Monday 23 December 2013

"Tourism rises" ... but questions remain for Sidmouth

Sidmouth has been doing very well of late:

Tourism rises

Friday, December 20, 2013

THE number of tourists who visited Sidmouth in the summer looks to be 'slightly up' on last year, despite a slow start to the season. Sidmouth Information Centre manager Jeff Bailey told town councillors that cold weather initially meant for a slow showing when it came to holidaymakers.

Accommodation providers reported poor figures up until early June - when the sunshine brought with it a welcome boost. A new people counter at the centre in ham Lane clocked a summer peak of 1.629 visitors in the first week of August - during Folk Week. The next two weeks were more than 1,600

Home - Sidmouth Herald 
www.sidmouth.gov.uk/PDFs/Tourism_Agendas/Agenda TSM-091213.pdf

And this is after a shaky start to the year:
Tourism fights to reverse decline as industry hits 'tipping point' | Western Morning News

The tourist industry is clearly important for Sidmouth and the Westcountry: 
New Sidmouth tourism guide launched - News - Sidmouth Herald 
South West businesses in record tourism year - News - Sidmouth Herald 
Tourism awards leave judges spoilt for choice | This is Cornwall Farmers and rural businesses CAP off year with good news | Blog

The Westcountry has among the heaviest reliance on the industry in the UK, with 8% of jobs in Torbay, East Devon and West Devon – and 7% in Cornwall – tourism-related, more than double the national average.

Tourism boom ahead - once region recovers | Western Morning News

We do need to ask the question 'What sort of tourist does Sidmouth want?'

Interesting prediction in this recent article from the Western Morning News. It begs the question, “What sort of tourism brings long-term prosperity to an area like East Devon? ” . What do SIN-ners think?

‘Dementia aware’ is not damaging

Saturday, November 23, 2013 

As chair of the older people’s sub group, health and social care team for Seaton, Axminster and Sidmouth, I would like to make reference to your front page story “Let’s lose our God’s waiting room tag” (Herald, November 8).
It is admirable to encourage broader awareness training for all disabilities but I would like to respond to the comment of the council chairman suggesting that Sidmouth’s tourism may be damaged due to the town being ‘dementia friendly’.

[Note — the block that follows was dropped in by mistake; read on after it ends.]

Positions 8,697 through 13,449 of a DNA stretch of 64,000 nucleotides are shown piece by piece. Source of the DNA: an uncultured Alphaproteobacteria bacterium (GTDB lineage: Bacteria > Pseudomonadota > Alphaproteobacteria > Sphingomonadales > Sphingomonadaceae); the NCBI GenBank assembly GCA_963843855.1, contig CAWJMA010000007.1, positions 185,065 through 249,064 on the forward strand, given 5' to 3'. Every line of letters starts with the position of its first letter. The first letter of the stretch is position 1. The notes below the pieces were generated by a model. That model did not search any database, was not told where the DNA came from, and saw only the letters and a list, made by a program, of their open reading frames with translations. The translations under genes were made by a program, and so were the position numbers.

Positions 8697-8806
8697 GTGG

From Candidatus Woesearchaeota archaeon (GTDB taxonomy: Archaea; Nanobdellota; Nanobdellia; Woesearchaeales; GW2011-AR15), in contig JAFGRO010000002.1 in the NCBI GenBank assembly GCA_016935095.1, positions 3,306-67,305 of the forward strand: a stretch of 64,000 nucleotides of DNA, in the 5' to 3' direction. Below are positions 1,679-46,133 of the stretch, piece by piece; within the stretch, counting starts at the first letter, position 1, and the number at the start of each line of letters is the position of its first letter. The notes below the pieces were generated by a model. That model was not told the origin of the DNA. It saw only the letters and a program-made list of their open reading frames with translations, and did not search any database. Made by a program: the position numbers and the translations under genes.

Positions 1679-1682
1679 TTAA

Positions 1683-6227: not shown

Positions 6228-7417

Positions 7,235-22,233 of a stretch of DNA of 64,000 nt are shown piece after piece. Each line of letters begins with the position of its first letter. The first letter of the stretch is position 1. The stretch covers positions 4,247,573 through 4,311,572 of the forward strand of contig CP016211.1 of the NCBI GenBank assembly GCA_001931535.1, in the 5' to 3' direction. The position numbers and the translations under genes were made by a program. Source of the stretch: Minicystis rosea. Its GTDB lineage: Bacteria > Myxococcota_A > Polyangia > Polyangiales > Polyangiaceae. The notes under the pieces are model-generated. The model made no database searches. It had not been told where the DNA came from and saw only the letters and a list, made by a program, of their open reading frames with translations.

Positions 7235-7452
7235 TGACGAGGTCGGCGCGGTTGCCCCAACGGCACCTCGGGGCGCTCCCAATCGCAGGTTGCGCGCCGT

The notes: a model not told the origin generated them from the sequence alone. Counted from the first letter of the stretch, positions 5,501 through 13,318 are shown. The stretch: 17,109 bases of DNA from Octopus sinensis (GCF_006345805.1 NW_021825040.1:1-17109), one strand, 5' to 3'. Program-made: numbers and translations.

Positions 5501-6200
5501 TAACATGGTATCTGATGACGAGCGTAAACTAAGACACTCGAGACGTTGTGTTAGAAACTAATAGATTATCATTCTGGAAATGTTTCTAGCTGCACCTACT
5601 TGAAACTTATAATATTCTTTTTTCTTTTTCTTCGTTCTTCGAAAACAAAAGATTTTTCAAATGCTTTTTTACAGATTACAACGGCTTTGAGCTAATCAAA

Sidmouth is a beautiful and vibrant town and one which attracts tourism and younger families, but I do not believe that being ‘dementia-friendly’ would lead to a negative impact on visitor numbers.
Taking the opportunity to promote specific dementia-friendly initiatives would not have, in my opinion, a detrimental effect on tourism but could be very beneficial to the community of Sidmouth.
Andrew Stevens
Chair, Older People’s Sub Group
Health & Social Care Team for Seaton, 
Axminster and Sidmouth

‘Dementia aware’ is not damaging - Letters - Sidmouth Herald 
Futures Forum: Sidmouth: Dementia-friendly town... or 'God's waiting room'... 

‘Families unwelcome in Sidmouth’ says tourism worker

Monday, September 2, 2013

A mum, whose job is selling Sidmouth as a destination, says families are unwelcome after her ‘noisy’ children were reprimanded for playing in the sea.
Deborah, who actively promotes Sidmouth in her job at the Heart of Devon, was bringing her friend to the town for the first time when the incident happened.
“Sidmouth clearly wants to attract large numbers of visitors, but some residents clearly object to having to ‘share’ their town with others,” she said.
Simon Pollentine, the town council’s member for tourism, said: “I can’t believe that that’s the biggest thing some people have to worry about – it’s unfortunate they can’t tolerate youngsters enjoying themselves.

‘Families unwelcome in Sidmouth’ says tourism worker - News - Sidmouth Herald 

And the question 'How should Sidmouth be branded?'

Sidmouth mans the barricades

By Clive Aslet  22 Oct 2012

Genteel? Hardly. The Devon resort is gripped by a dispute that is turning nasty, says Clive Aslet

We are in Sidmouth, a sweet-natured Regency town on the south Devon coast. Externally, nothing much would seem to have happened here since a hapless local youth, out sparrow-shooting, put a shot through the window of Woolbrook Cottage and nearly changed the course of British history: the future Queen Victoria, then a baby, was sleeping just below.
That wouldn't happen these days. There are no local youths. No, I exaggerate: some, but residents tell the old joke about the Paddington porter who shouts: "Weymouth for the Continent, Sidmouth for the incontinent." As the broadcaster Jeremy Vine, who goes to Sidmouth most summers with his in-laws, wrote in The Telegraph earlier this year, "There would never be a riot in Sidmouth." Don't bet on it, Jeremy. Sidmouth is angry.
Sidmouth mans the barricades - Telegraph

Drop ‘Regency Town’ tag urges Sidmouth campaigner

Tuesday, January 17, 2012 

Sidmouth’s ‘regency town’ tag is holding it back and should be dropped, according to the former chair of a group trying to create a vision for its future.

Robert Crick said constant references to the Regency Period in documents from East Devon District Council (EDDC) were giving a misleading impression of Sidmouth.
Mr Crick, a former chairman and member of Vision Group for Sidmouth, said in a talk at Wednesday’s monthly Chamber of Commerce breakfast there were a lot of other things to be proud of in the town.
He said there were 188 listed buildings within a kilometre of the seafront, and very few of them were built in the Regency Period.
He ended the talk by asking the assembled business men and women of the town if they had any ideas for a new tagline for Sidmouth, which accurately portrayed its features and what it wanted from the future.
Drop ‘Regency Town’ tag urges Sidmouth campaigner - News - Sidmouth Herald
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